The Buffalo Bills were interested enough in Coles last year to bring him in for a visit before they signed Terrell Owens.

Bengals free-agency notes

March, 4, 2010
The Cincinnati Bengals are making moves before the start of free agency.

First, the team offered six restricted free agents tenders Thursday afternoon. Those players are cornerback David Jones, defensive end Frostee Rucker, guard Evan Mathis and linebackers Brandon Johnson, Rashad Jeanty and Abdul Hodge.

Second, the team terminated the contract of veteran receiver Laveranues Coles, who spent just one season in Cincinnati. The Bengals signed Coles to a $28 million contract in an effort to replace T.J. Houshmandzadeh. But Coles never was a good fit and will become an unrestricted free agent.

Cincinnati already was in the market for receivers, but look for that to be even more magnified following Coles' departure.

AFC North: Got offense?

February, 25, 2010
Dez Bryant/Jermaine Gresham/Arrelious BennUS Presswire/Icon SMIOffensive weapons like Oklahoma State's Dez Bryant, Oklahoma's Jermaine Gresham and Illinois' Arrelious Benn could help spice things up in the AFC North.
INDIANAPOLIS -- Three of the NFL's top five defenses were from the AFC North last season. Therefore, don't expect any major turnover defensively from the Baltimore Ravens, Cincinnati Bengals and Pittsburgh Steelers.

But when it comes to offenses in the division, it's a totally different story.

The AFC North was filled with inconsistencies, weaknesses and limitations on that side of the ball in 2009. Whether it was the offensive line in Pittsburgh, the passing games in Baltimore and Cincinnati or the rotating quarterbacks with the Cleveland Browns, offensive deficiencies prevented each team from getting to the next level.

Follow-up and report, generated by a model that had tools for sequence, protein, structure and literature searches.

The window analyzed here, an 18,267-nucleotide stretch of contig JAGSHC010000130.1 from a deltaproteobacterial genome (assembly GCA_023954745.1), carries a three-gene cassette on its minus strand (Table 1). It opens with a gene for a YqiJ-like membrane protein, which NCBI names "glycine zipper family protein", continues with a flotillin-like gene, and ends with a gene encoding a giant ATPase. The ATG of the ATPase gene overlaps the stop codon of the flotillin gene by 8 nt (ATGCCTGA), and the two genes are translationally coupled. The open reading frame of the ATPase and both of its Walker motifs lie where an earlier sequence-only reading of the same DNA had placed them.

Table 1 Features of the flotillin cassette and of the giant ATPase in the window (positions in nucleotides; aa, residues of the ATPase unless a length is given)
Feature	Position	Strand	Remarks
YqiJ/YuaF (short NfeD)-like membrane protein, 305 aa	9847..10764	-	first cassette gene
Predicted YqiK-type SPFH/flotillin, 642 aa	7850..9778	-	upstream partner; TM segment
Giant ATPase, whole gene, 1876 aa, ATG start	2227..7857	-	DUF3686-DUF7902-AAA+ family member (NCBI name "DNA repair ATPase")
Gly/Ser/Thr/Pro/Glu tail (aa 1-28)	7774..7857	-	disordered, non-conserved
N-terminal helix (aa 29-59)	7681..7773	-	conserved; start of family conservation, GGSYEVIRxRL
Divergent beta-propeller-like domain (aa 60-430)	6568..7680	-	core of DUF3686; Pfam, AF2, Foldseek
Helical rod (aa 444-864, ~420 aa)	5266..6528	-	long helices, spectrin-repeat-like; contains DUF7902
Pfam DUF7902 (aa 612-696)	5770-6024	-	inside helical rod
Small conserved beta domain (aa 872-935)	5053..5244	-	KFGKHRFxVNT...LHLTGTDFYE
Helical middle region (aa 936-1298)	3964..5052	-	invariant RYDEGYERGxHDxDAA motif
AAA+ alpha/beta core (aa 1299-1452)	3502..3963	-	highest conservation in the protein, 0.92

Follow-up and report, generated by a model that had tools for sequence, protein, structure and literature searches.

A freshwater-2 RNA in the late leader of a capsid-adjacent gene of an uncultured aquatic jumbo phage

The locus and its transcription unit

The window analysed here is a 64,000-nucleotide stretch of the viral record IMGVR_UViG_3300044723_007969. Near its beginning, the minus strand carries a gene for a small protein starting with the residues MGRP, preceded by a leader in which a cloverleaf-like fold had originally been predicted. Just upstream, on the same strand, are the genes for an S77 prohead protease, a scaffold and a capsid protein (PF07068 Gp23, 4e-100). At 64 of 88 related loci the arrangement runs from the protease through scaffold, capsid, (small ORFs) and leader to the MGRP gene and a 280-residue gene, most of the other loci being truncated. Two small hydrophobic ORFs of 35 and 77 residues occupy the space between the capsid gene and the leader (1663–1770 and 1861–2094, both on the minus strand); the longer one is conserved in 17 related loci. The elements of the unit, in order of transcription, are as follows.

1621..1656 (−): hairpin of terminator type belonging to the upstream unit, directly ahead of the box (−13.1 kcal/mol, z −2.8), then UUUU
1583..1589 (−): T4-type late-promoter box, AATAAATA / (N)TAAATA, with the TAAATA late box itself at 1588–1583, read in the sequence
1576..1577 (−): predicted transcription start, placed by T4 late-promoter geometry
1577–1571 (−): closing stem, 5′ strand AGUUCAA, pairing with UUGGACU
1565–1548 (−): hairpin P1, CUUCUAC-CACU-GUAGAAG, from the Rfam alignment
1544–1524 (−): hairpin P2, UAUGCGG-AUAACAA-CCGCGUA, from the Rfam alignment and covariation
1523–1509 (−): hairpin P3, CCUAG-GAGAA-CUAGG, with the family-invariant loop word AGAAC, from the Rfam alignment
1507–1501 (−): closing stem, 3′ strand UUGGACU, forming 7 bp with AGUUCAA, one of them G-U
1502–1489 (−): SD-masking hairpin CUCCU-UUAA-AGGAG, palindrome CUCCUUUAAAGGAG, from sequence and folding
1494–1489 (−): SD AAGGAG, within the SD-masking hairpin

So look for this usually defense-oriented division to search for the best offensive talent it can find at this week's NFL combine. The AFC North blog teamed up with Scouts Inc.'s Matt Williamson to examine every team's offensive weakness and preview which college players your favorite teams could be looking at to fill those needs.

Baltimore Ravens

Offensive needs: Wide receiver, tight end

2009 recap: As the season went on, it became obvious that Baltimore's lack of big-play receivers would prevent the team from competing for a championship. There was no way the Ravens could keep up with the likes of Peyton Manning and Drew Brees by running the ball 52 times, which is what Baltimore did to win its opening playoff game. Ravens GM Ozzie Newsome admitted that his goal moving forward is to build a team that can win offensive shootouts as well as defensive struggles. So this offseason is mostly about surrounding quarterback Joe Flacco with the proper weapons to make sure he reaches his full potential.

Potential offensive targets: Oklahoma tight end Jermaine Gresham, Illinois receiver Arrelious Benn, Florida tight end Aaron Hernandez, Notre Dame receiver Golden Tate